In this post my two most studious parts – James and Beastie – return to revisit the question of plurality and what we have learnt about it since they last got together on the topic. Particularly they discuss our learnings from Janina Fisher’s excellent book Healing the Fragmented Selves of Trauma Survivors. You can read their earlier Plural FAQ post, and the Plural Zine that preceded it for more background on the topic, or just start here.
It turns out these two have a lot to say so we’ve divided the post into two: The first post deals with understanding plurality from this trauma-informed perspective. The second post deals with working with plurality and trauma in practice. A further post to follow covers how these ideas and practices link to mindfulness.
Beastie: Ready to shoot the breeze with me again James?
James: Always Beastie.
Beastie: I’m glad we finally got around to this post.
James: Worth waiting for this moment I think. Janina’s book filled in so many of the missing pieces for us.
Beastie: And affirmed much of where we’d already got to ourselves, drawing together our learning on trauma with our experience of plurality. I felt quite smug reading parts of the book. Like ‘we got there all by ourselves, nice going.’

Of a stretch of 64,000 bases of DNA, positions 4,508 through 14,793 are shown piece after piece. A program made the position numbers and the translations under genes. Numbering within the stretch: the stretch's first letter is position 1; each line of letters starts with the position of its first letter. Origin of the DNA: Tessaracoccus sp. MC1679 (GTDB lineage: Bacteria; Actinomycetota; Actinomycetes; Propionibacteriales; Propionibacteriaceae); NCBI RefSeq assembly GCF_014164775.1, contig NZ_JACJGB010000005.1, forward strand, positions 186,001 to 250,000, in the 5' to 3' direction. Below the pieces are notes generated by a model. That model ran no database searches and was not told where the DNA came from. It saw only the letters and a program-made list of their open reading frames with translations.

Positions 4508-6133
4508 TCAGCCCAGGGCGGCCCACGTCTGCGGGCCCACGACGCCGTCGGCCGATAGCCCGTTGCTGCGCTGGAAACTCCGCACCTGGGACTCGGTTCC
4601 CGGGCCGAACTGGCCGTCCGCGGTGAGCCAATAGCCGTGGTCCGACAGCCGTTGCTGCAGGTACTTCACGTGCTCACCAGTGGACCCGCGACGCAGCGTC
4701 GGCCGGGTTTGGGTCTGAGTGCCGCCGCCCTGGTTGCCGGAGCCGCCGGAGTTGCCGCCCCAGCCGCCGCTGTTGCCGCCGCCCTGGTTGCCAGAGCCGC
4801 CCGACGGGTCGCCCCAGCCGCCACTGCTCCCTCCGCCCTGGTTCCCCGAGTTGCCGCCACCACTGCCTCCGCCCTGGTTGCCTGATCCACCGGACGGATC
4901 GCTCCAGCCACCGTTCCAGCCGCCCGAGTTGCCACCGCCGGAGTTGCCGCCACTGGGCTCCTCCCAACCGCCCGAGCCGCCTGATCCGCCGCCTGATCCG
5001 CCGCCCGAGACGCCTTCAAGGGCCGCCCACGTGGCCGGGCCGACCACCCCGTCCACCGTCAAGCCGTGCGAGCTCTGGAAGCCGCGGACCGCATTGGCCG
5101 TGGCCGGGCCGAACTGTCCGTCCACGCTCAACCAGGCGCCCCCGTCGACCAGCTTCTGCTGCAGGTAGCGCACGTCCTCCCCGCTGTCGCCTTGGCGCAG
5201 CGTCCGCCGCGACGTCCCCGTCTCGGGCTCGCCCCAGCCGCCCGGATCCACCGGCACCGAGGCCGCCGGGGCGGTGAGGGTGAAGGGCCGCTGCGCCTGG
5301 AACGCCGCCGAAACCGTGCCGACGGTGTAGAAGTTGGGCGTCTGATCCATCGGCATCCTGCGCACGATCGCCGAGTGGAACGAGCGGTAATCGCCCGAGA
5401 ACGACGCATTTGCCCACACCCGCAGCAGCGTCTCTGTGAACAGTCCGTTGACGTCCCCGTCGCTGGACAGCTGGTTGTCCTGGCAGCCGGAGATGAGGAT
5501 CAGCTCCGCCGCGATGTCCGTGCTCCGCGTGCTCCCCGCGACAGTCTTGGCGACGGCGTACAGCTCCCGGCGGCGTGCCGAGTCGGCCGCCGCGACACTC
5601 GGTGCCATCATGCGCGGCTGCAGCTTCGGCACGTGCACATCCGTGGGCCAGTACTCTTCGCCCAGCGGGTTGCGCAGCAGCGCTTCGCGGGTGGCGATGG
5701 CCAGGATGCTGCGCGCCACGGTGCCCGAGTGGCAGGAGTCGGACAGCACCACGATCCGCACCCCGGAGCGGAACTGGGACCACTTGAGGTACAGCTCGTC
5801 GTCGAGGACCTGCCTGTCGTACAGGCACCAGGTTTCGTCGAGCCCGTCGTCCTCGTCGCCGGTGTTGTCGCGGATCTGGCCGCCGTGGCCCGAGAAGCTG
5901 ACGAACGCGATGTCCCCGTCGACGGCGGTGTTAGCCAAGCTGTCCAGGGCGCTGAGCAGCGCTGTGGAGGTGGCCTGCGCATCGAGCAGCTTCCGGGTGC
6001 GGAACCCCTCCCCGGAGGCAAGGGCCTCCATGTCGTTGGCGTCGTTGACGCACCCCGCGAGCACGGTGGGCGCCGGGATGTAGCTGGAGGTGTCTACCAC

James: Should we explain what we’re intending to do in this blog post?
Beastie: Right, well we considered doing another book review post like we did on the books by Pete Walker, Pat de Young, and to some extent David Treleaven. But that would’ve been a lot because we basically highlighted something on every page of Janina’s book. Also we’re more interested in digging into some of the key ideas and practices, and how we’ve been applying them, rather than just summarising it.
James: Yep. We’d certainly recommend the entire book to anybody who this blog post resonates with.
I’d also like to start with my usual point that this stuff is relevant to everybody, no matter how extreme or mild their experience of trauma, or how muted or vivid their experience of plurality. We all get reactive and experience overwhelming feelings at times. And it’s valuable for everybody to locate that reactivity and emotion in parts of themselves rather than in the whole of themselves, in order to work through it rather than becoming stuck in it.